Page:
What is Service-Learning?
Service-learning is increasingly becoming an avenue used to provide students with “real- life” experience by linking students with local communities and community service providers. Definitions of service-learning vary and the term is often mistakenly used interchangeably for volunteerism and community service.
One Definition of Service-Learning:
“Service-learning is a credit bearing, educational experience in which students participate in organized service activity that meets identified community needs and reflects on the service activity in such a way as to gain further understanding of course content, a broader appreciation of the discipline, and an enhanced sense of civic responsibility.”
Robert Bringle & Julie Hatcher, Office of Service Learning, Indiana University-Purdue University Indianapolis
- credit bearing: For the purposes of the university, there is a credit based incentive attached to service- learning.
- organized service activity: Activities are thought out and organized with community partners so that there is a deliberate relationship connecting the service opportunity with course material.
- identified community needs: Projects meet need(s) identified by community partners. Projects do not attempt to create a need for the results of service-learning. Instead, projects assist organizations with needs they already have. Communication with community partners is essential.
- reflects: Time is spent specifically on reflecting and analyzing the volunteer experience in relation to course content and personal experience.
- course content: Service is not simply an added component of a course, but integrated into the course as a tool used to reach course goals.
- civic responsibility: Explores the social connections to scholarly research and academic exploration.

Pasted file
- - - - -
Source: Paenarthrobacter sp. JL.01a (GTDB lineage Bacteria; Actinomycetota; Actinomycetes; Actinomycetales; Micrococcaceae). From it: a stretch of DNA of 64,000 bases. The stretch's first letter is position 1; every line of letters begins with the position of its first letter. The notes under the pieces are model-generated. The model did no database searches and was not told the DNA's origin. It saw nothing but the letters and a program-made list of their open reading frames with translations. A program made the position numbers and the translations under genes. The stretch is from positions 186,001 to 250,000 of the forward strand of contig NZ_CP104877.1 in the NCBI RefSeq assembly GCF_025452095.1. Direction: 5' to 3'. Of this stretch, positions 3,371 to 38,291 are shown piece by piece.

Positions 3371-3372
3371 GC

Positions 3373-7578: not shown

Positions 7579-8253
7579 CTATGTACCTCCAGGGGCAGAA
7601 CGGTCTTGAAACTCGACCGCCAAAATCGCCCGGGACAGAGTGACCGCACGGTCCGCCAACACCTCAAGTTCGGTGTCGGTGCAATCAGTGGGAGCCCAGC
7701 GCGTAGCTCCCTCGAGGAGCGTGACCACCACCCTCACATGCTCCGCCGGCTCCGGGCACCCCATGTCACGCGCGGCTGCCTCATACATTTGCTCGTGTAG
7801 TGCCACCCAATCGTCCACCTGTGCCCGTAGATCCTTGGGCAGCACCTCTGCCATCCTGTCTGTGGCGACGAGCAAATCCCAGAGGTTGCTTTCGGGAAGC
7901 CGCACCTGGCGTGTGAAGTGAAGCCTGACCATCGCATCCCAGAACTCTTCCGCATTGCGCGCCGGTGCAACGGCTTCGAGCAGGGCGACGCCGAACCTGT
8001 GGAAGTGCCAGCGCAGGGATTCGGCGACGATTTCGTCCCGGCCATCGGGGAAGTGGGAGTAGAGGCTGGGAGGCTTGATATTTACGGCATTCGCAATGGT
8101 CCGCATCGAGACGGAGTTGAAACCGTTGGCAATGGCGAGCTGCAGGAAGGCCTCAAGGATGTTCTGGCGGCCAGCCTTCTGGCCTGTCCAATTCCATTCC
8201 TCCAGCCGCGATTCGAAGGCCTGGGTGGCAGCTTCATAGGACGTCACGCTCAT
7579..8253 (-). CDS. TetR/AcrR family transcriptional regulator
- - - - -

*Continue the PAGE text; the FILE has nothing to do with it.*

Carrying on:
Principles of Good Practice in Combining Service and Learning
An effective and sustained experience:
- Engages people in responsible and challenging actions for the common good.
- Provides structured opportunities for people to reflect critically on their service experience.
- Articulates clear service and learning goals for everyone involved.
- Allows for those with needs to define those needs.
- Clarifies the responsibilities of each person and organization involved.
- Matches service providers and service needs through a process that recognizes changing circumstances.
- Expects genuine, active, and sustained organizational commitment.
- Includes training, supervision, monitoring, support, recognition, and evaluation to meet service and learning goals.
- Insures that the time commitment for service and learning is flexible, appropriate, and in the best interest of all involved.
- Is committed to participation by and with diverse populations.
Ellen Porter Honnet and Susan J. Poulson. Wingspread Principles of Good Practice for Combining Service and Learning. The Johnson Foundation. 1989.
Principles of Good Practice in Community Service-Learning Pedagogy:
- Academic credit is for learning, not for service.
- Do not compromise academic rigor.
- Set learning goals for students.
- Establish criteria for the selection of community service placements.
- Provide educationally sound mechanisms to harvest the community learning.
- Provide supports for students to learn how to harvest the community learning.
- Minimize the distinction between the student’s community learning role and the classroom learning role.
- Re-think the faculty instructional role.